How to pronounce /s/ and /z/ in English

The first tongue twister we will look at together practises the /s/ sound - "Singing Sammy sung songs on sinking sand". The next one though is much harder (and longer) as it puts the /s/ and /z/ sounds together. The tongue twister is "Denise sees the fleece, Denise sees the fleas. At least Denise could sneeze and feed and freeze the fleas". Take it slowly in order to get it right!

VIDEO TRANSCRIPT

"Singing Sammy..."

In this tongue twister we're going to look at the /s/ sound and we're also going to compare that with the /z/ sound. Now the difference between the two is that the first one /s/ this sound is in your mouth. This is what we call an unvoiced sound. The second one is what we call a voiced sound. That means that there's a vibration down here in your vocal chords. So you can feel...if you put your hand on your throat, you can feel your vocal chords vibrating. This sound is in your mouth. The /z/ sound is down in your throat, in your vocal chords. We'll look at a simple one to begin with just to practise the /s/ sound, the unvoiced /s/. So here's the tongue twister. "Singing Sammy sung songs on sinking sand". So that's quite an easy one because we're only dealing with the unvoiced /s/ sound. And here are the vowel sounds for that tongue twister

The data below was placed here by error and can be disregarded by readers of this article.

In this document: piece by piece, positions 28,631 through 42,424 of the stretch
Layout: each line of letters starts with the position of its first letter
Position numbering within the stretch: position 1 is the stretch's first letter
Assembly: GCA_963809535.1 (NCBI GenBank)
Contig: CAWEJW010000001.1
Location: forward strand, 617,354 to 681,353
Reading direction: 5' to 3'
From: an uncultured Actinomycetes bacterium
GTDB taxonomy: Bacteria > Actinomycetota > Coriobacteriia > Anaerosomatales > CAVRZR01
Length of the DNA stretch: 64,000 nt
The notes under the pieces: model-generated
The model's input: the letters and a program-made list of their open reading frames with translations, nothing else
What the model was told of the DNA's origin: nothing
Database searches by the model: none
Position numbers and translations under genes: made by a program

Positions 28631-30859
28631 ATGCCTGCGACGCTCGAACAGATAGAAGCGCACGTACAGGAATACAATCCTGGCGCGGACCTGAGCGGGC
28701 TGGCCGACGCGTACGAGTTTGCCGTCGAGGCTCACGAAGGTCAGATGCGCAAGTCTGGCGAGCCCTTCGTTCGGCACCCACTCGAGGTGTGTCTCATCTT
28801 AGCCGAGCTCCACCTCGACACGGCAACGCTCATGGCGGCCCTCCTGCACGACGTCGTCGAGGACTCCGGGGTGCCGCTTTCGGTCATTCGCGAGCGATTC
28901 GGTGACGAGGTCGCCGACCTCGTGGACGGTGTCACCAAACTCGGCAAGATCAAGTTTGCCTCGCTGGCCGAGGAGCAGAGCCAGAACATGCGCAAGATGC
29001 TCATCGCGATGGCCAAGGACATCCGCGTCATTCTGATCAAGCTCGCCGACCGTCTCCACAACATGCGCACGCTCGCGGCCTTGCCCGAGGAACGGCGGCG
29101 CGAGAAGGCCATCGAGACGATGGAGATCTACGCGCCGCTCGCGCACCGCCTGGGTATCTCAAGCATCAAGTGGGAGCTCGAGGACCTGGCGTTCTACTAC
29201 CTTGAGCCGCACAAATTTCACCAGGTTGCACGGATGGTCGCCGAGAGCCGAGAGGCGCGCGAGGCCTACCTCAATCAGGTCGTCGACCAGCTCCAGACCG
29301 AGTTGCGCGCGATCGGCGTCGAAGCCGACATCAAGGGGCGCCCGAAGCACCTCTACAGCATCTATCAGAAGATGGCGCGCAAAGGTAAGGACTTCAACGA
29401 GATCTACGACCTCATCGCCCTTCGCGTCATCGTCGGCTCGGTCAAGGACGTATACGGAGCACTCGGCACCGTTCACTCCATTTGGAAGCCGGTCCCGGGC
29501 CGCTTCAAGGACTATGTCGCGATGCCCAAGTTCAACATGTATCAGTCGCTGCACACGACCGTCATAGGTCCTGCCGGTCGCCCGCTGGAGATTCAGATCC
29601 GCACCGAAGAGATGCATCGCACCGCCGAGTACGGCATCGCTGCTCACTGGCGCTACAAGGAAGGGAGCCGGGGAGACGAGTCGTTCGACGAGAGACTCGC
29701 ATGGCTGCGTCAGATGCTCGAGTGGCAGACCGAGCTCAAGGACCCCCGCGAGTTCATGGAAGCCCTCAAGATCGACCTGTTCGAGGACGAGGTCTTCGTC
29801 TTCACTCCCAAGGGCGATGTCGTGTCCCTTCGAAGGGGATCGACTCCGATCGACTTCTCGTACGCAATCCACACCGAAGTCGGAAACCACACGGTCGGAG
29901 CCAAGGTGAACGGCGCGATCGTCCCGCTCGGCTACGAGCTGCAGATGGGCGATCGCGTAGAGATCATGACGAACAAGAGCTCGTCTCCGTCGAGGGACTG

OK, now we're going to practise those two sounds together, so we're going to alternate between /s/ and /z/ but at least in this one the vowel sound...we're only really focusing on one vowel sound, which is /i:/ so the focus here is very much on /s/ and /z/. "Denise sees the fleece, Denise sees the fleas. At least Denise could sneeze and feed and feed the fleas".

So your homework is to practise those tongue twisters.

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How to pronounce /s/ and /z/ in English